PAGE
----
A pack of four Bibb County sheriff’s deputies on motorcycles led the body of a fallen colleague into Macon Memorial Park Cemetery late Wednesday morning.
Deputy Kenterrous Taylor, 27, died early March 18 when he was thrown from his vehicle on Forsyth Road.
Taylor was responding to a reported burglary in progress when he lost control of his patrol car, crashed into a wall and overturned near Rivoli Drive.
Typically, a large public funeral would be held for a law enforcement officer killed in the line of duty but the global pandemic has postponed a public memorial.
“Given the COVID-19 virus situation, we’re having to do things a little bit differently but we do have a number of agencies, close-in surrounding agencies, that are helping us today with the escort and to show honor for Deputy Taylor,” Bibb Sheriff David Davis said as the officers gathered at the old Sonic drive-in restaurant just up the street from Taylor’s final resting place.
In addition to a cadre of Bibb County deputies, police officers from Byron and Warner Robins, the Monroe County Sheriff’s Office, Georgia State Patrol, REACT and the Macon-Bibb County Fire Department paid tribute to Taylor.
“It is overwhelming,” Davis said. “It is very uplifting and very much appreciated the outpouring of support we’re getting from these other agencies to help us in this time of need.”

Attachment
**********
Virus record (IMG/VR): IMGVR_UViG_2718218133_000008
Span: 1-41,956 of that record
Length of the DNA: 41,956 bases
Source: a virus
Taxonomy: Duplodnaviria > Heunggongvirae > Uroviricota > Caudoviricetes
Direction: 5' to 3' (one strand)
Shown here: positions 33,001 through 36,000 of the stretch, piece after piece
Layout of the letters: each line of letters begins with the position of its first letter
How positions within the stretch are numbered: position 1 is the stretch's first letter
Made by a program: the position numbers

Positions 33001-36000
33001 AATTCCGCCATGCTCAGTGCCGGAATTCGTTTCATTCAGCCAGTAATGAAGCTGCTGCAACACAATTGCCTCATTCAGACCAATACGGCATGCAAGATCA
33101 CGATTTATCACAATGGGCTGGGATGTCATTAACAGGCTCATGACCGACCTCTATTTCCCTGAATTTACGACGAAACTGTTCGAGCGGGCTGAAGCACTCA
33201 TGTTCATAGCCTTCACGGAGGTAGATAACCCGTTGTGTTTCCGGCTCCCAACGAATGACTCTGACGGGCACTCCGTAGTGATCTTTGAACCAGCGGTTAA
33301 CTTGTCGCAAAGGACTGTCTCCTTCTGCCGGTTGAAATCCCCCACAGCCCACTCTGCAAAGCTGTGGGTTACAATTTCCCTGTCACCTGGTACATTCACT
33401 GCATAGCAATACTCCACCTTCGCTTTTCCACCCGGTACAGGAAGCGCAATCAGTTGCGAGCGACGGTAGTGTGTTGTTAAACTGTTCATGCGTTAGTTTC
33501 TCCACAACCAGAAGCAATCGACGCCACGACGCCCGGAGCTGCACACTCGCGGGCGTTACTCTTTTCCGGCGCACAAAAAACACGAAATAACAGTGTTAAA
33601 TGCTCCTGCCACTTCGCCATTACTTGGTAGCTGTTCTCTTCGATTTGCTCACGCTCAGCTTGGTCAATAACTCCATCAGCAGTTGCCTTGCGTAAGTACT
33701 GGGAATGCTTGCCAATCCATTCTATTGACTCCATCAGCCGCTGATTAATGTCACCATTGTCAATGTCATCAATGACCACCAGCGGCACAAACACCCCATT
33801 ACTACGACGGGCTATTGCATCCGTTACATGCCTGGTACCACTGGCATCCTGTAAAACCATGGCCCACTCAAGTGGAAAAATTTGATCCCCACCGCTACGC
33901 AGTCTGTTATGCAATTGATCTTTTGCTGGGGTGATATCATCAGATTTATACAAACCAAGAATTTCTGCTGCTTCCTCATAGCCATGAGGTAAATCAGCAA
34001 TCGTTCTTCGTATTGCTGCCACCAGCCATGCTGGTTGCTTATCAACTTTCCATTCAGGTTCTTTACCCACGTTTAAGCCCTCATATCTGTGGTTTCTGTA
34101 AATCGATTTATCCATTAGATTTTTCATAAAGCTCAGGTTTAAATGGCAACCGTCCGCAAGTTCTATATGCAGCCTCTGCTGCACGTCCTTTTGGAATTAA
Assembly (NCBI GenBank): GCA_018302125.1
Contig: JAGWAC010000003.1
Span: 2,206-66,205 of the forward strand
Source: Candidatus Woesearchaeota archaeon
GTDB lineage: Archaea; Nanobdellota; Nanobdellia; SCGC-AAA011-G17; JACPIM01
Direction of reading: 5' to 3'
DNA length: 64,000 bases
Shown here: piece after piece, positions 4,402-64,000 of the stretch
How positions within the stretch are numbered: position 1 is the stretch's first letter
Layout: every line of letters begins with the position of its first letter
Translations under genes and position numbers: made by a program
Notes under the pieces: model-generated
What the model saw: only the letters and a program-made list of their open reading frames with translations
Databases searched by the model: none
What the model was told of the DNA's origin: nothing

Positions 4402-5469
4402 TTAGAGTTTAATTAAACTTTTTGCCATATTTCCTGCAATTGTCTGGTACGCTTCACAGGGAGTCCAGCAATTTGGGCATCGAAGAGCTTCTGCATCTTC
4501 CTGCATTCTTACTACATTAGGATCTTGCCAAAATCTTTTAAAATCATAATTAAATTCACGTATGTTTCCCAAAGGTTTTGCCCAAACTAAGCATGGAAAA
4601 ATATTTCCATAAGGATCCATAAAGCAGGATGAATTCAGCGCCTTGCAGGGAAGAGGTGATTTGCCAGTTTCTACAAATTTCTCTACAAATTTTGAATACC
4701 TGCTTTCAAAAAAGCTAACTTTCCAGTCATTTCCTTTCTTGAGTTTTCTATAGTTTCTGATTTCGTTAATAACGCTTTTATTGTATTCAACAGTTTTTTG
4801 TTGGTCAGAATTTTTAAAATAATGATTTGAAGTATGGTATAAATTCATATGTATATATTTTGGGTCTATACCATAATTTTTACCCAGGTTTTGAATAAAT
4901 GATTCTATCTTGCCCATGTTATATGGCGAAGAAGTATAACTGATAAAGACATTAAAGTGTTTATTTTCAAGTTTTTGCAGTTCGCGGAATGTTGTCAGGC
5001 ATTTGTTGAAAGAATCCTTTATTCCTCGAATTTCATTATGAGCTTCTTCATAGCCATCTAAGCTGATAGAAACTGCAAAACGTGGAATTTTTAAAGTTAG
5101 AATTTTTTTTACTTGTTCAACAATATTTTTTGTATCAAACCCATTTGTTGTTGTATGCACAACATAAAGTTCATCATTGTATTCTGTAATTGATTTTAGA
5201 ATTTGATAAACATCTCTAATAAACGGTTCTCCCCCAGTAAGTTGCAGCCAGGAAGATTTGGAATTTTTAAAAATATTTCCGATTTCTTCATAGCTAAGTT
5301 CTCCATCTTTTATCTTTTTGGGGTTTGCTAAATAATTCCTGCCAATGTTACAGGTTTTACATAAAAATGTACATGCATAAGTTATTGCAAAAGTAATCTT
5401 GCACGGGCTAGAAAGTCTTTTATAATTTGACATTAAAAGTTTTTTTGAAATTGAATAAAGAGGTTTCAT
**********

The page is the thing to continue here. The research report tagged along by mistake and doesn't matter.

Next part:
As the small procession led the hearse from downtown Macon to the cemetery, vehicles pulled over along Montpelier Avenue and Mercer University Drive.
A man standing in a store parking lot removed his hat after the deputy’s body passed the flag flying at half-staff at Fire Station No. 8 near Bloomfield Raod.
Once the moratorium on gatherings of more than 10 people is lifted, a larger public ceremony is planned to honor Taylor’s life.
“We are working with the family to have a public memorial once all this virus situation is abated and then we’ll have a more fitting tribute for the public as well as for all our other employees,” Davis said.
The coronavirus pandemic has altered standard procedures for law enforcement officers as they follow CDC guidelines, Davis said.
“We are on the front lines. … We’re going to come into contact with people so the best thing we do is keep our hands clean, keep a sanitizer out and maintain as much distance as possible but when we do contact people we try to clean up afterwards,” he said.
The Bibb County jail houses hundreds of inmates and deputies continue to monitor those behind bars to see if they exhibit any symptoms of the deadly virus.
“We’ve already set a side a section of the jail in case we have to quarantine people,” Davis said. “We’re always trying to think ahead of these things, but so far no inmate has tested positive. All the deputies and staff are good.”